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Pala Manor: Display of Tibetan Aristocratic Household



Pala Manor GatewayLocated just four kilometers southwest of Gyantse county, the Pala Manor, also known as Phakue Lhakhang, is one of the top twelve manors of the former Tibetan nobility. It has been the only fully-preserved aristocratic manor of old Tibet, its building structure and content kept largely intact compared with over fifty years ago. A visit to this Manor will give you a valuable insight to lifestyles of different classes of people in a former Tibetan aristocratic household.

The temporal Tibet used to be an old-fashioned society just some fifty years ago, with distinct boundaries between various social strata. At the high end of the hierarchy stood the aristocracy, the monks, and the bureaucracy, who, though combined making up but a tiny portion(some five percent)of Tibetan population, possessed all the arable land, pasture, forests and rivers, as well as the overwhelming majority of livestock, in Tibet. Ninety percent of the population was comprised of khal pa and du chung (both classes of people devoid of any means of production and personal freedom and having to lease land from the landlord to make a subsistence living, the former being relatively less dependent on the landlord), while the remaining five percent were pure slaves. It was common for the former aristocratic families to own large estates, with a manor standing on the land serving as the residence and administrative center of the landlord.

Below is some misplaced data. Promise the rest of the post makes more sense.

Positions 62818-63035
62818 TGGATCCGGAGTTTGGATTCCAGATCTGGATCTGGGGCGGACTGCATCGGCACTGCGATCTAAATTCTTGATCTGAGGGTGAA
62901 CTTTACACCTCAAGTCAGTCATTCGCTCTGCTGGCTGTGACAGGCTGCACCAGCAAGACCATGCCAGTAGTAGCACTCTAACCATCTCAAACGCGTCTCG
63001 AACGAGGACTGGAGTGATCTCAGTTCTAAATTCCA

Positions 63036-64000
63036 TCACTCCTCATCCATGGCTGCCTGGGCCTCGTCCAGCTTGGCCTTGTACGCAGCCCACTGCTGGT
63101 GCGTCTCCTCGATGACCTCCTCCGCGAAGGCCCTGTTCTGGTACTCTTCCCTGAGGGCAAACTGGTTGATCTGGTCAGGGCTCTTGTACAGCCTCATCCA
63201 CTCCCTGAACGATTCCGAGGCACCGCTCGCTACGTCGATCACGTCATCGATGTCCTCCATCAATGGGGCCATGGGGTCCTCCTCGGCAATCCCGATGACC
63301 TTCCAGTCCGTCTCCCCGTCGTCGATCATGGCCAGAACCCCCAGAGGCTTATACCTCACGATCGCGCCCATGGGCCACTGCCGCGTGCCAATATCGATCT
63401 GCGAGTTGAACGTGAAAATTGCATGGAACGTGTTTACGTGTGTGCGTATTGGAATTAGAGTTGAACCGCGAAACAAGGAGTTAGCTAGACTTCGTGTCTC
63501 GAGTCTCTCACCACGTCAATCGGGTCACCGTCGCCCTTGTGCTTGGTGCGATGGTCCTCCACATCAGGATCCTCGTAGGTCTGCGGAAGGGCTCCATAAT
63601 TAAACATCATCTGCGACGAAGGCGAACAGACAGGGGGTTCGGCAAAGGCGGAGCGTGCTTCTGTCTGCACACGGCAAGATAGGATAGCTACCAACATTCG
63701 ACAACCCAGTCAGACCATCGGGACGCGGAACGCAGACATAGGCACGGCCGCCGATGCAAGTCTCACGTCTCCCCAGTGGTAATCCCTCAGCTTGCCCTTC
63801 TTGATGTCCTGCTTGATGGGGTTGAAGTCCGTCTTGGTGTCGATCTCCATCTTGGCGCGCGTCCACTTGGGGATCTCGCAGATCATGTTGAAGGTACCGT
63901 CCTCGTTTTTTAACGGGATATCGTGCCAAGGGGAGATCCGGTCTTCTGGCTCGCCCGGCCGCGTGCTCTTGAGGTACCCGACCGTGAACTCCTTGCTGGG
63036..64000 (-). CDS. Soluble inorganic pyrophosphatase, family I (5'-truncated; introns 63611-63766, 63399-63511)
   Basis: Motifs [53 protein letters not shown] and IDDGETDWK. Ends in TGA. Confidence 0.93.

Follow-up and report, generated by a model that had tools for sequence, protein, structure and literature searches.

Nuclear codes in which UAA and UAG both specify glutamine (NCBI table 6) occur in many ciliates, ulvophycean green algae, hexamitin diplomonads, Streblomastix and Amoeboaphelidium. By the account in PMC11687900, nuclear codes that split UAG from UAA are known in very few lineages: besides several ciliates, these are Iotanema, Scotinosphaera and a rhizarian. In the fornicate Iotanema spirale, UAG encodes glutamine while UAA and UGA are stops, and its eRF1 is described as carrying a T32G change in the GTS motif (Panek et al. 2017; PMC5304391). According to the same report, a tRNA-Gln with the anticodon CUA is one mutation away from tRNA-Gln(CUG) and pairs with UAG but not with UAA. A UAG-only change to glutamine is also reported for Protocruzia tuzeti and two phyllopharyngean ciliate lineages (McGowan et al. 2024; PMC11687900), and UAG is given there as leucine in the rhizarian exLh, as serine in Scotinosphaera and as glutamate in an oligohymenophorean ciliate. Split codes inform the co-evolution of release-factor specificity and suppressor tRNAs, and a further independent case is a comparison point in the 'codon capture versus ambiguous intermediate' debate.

The progenitor of the aristocratic line of the Pala family was a Bhutanese chief. Civil strife in Bhutan caused him to move to Tibet with his family. In due course he rose to an important position as a local official, and gradually joined the aristocratic ranks. By the end of the 19th century, by virtue of their wealth and position, the family had owned a total of 37 manors, 15,000 mu of land, 12 lots of pastures, 14,000 heads of livestock, and 3,000 serfs, becoming one of the top twelve major aristocratic families of Tibet. The ebb and flow of fortunes over some 300 years saw five members of the family rise to prominence playing important roles in Tibet’s feudal government known as the "Kalon" (a senior member of the top administration), enjoying wide influence. Pala Manor is just one of the number of manors owned by the Pala family. 

The best preserved manor of former aristocratic families of Tibet, Pala Manor is still in good conditions, largely unchanged from the days of its former host, and has become an attraction that proves popular with visitors from all over the world, because it offers a valuable insight into the old-time lifestyle of Tibetans in an aristocratic household.

The building is a three-storey structure with 57 rooms, including sutra hall, sunlight room, reception room, bedrooms, room for playing mahjong games, etc. The rooms are richly decorated with exquisitely carved beams and painted rafters. Traces of influence of culture of inland China are visible in the carvings, paintings, and furniture items placed.